Waste and raw materials: In brief

Switzerland produces about 80 to 90 million tonnes of waste each year. Most of it consists of uncontaminated excavated materials and deconstruction materials. Because of its high standard of living, Switzerland has one of the highest municipal solid waste volumes in the world, at 716 kg of waste per person and year. Nearly 53% of it is recycled. To reduce the country’s high primary material consumption, the federal government wants all material and substance flows throughout the value chain – from raw material mining and product design to waste management – to be taken into account.

1. Economic growth, consumer behaviour and construction activities (drivers)

Switzerland consumes a large quantity of raw materials. The reasons for this are the population growth, the high per-capita income and the substantial consumption associated with it. Three-quarters of the environmental impact from the supply of raw materials occurs abroad because of the large volume of imports.

The consumption trend looks set to continue to rise with economic growth in the future. If consumption is not decoupled from waste generation, waste volumes will continue to rise. Rising consumption can be attributed to the following factors:

  • technological advances
  • social changes and trends (new products)
  • an increasingly rapid succession of product generations
  • faster changing fashion trends (fast fashion)
  • low-price strategies and extensive product lines

The consumption sectors of nutrition, housing and mobility currently account for around 70% of the environmental impact generated by Swiss consumption.

As the economy and population grow, so, too, do construction activities. The Swiss construction industry is a colossal business, handling around 3,200 million tonnes of construction materials (primarily gravel, sand and concrete), with the figure growing at a rate of 63 million tonnes a year. The environmental impact of the building sector is 57 trillion eco-points (UBP) annually, the majority (56%) of which is attributable to energy consumption rather than the materials used. It is not surprising, therefore, that the energy-intensive operation of Swiss buildings (heating, cooling, ventilation etc.) has a greater impact on the environment than the construction process itself.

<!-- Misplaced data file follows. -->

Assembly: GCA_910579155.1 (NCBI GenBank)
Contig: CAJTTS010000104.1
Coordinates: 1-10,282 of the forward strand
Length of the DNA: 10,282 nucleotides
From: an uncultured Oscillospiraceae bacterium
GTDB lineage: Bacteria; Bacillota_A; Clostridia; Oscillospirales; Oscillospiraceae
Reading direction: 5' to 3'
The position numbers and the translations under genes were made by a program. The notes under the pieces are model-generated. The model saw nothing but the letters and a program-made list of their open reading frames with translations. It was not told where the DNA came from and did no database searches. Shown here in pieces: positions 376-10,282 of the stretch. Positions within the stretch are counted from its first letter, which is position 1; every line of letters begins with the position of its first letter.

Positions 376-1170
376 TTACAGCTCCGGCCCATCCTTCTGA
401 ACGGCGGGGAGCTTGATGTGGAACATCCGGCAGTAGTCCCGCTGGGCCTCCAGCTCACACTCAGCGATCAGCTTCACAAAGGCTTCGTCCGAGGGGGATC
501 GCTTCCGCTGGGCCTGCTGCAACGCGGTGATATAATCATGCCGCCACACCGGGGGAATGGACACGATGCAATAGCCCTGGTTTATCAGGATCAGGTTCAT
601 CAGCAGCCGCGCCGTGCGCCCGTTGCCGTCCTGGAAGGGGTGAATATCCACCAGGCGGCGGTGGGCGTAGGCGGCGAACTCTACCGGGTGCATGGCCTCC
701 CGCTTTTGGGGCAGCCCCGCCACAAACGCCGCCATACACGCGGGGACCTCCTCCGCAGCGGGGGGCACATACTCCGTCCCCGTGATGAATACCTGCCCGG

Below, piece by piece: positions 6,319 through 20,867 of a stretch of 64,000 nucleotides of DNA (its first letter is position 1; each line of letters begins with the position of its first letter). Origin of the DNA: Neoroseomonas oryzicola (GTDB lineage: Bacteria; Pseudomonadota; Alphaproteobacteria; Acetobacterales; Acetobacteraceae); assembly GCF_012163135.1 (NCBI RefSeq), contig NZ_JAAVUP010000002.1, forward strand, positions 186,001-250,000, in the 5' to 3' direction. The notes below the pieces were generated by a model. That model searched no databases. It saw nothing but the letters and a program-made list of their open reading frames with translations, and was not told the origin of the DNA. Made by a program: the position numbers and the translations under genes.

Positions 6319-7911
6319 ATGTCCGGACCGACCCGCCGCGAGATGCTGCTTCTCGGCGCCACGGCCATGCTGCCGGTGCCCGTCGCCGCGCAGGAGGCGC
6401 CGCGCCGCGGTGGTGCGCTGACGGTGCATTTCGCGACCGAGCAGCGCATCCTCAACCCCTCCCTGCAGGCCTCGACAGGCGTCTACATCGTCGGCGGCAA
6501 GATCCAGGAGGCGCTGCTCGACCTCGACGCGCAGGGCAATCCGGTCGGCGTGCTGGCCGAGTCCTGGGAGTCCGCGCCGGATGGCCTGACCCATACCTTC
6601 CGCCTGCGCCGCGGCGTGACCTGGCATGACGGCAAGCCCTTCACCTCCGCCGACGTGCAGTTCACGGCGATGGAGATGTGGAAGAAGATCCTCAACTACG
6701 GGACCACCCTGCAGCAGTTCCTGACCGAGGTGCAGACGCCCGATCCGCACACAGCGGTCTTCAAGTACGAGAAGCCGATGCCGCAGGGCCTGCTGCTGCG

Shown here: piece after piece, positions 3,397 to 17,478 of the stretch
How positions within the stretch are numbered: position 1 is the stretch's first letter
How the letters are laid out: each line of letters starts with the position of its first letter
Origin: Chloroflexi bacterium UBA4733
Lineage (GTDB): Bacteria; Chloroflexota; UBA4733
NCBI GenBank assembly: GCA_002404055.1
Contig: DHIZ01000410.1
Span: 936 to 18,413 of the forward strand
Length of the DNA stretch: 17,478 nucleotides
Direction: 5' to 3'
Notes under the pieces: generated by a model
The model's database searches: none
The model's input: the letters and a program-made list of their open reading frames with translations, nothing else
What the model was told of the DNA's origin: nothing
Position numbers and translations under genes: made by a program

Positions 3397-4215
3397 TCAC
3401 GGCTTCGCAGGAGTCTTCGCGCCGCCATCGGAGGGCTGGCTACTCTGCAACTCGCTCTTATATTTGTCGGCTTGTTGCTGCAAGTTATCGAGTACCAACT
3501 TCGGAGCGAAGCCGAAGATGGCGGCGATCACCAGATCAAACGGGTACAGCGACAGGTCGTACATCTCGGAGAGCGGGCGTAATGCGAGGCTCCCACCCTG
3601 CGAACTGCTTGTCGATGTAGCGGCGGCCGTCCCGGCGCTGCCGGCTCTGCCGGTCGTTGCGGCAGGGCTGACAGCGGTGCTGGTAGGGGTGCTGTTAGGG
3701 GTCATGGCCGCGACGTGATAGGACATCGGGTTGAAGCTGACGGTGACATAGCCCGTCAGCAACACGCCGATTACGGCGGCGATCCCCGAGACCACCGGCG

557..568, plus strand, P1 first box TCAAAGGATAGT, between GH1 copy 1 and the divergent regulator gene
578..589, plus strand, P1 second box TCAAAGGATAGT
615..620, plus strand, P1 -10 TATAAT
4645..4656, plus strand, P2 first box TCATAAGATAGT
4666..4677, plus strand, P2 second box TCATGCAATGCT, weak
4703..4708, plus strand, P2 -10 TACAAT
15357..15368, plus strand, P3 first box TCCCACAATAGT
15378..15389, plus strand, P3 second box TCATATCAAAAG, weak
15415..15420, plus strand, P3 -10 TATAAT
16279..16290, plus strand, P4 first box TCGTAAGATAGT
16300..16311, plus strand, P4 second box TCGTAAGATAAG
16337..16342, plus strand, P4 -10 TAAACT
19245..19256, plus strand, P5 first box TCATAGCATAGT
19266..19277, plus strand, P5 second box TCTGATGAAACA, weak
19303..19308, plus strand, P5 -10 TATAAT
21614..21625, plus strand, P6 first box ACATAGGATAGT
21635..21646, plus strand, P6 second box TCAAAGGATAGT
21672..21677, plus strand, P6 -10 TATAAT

The total mass of vehicles in the Swiss mobility sector amounts to around 11 million tonnes, with steel clearly dominating at around 7 million tonnes. A breakdown by vehicle category shows that passenger cars account for almost two-thirds of the total mass of vehicles (approximately 7 million tonnes). 

2. Growing consumption of raw materials and rising waste volumes (pressures)

The total quantity of raw materials required in Switzerland or abroad to cover Swiss demand for goods and services continues to grow.

Raw material consumption per capita shrank by approximately 6% (to below 17 tonnes) between 2000 and 2015. However, Switzerland’s material footprint is still significantly above the average for EU countries (EU28 value) of 14 tonnes per capita. From a quantitative perspective, with a share of over 40%, gravel, sand and other non-metallic minerals contribute the most to Switzerland’s material footprint.

Overall, Switzerland generates about 80 to 90 million tonnes of waste annually, and it is fair to assume that the total quantity will continue to rise in the future.

Construction waste accounts for the largest portion of waste generated in Switzerland (84%). In addition to large quantities of excavated materials (57 million tonnes or 65% of all waste generated), construction activities generate about 17 million tonnes (19%) of deconstruction materials annually.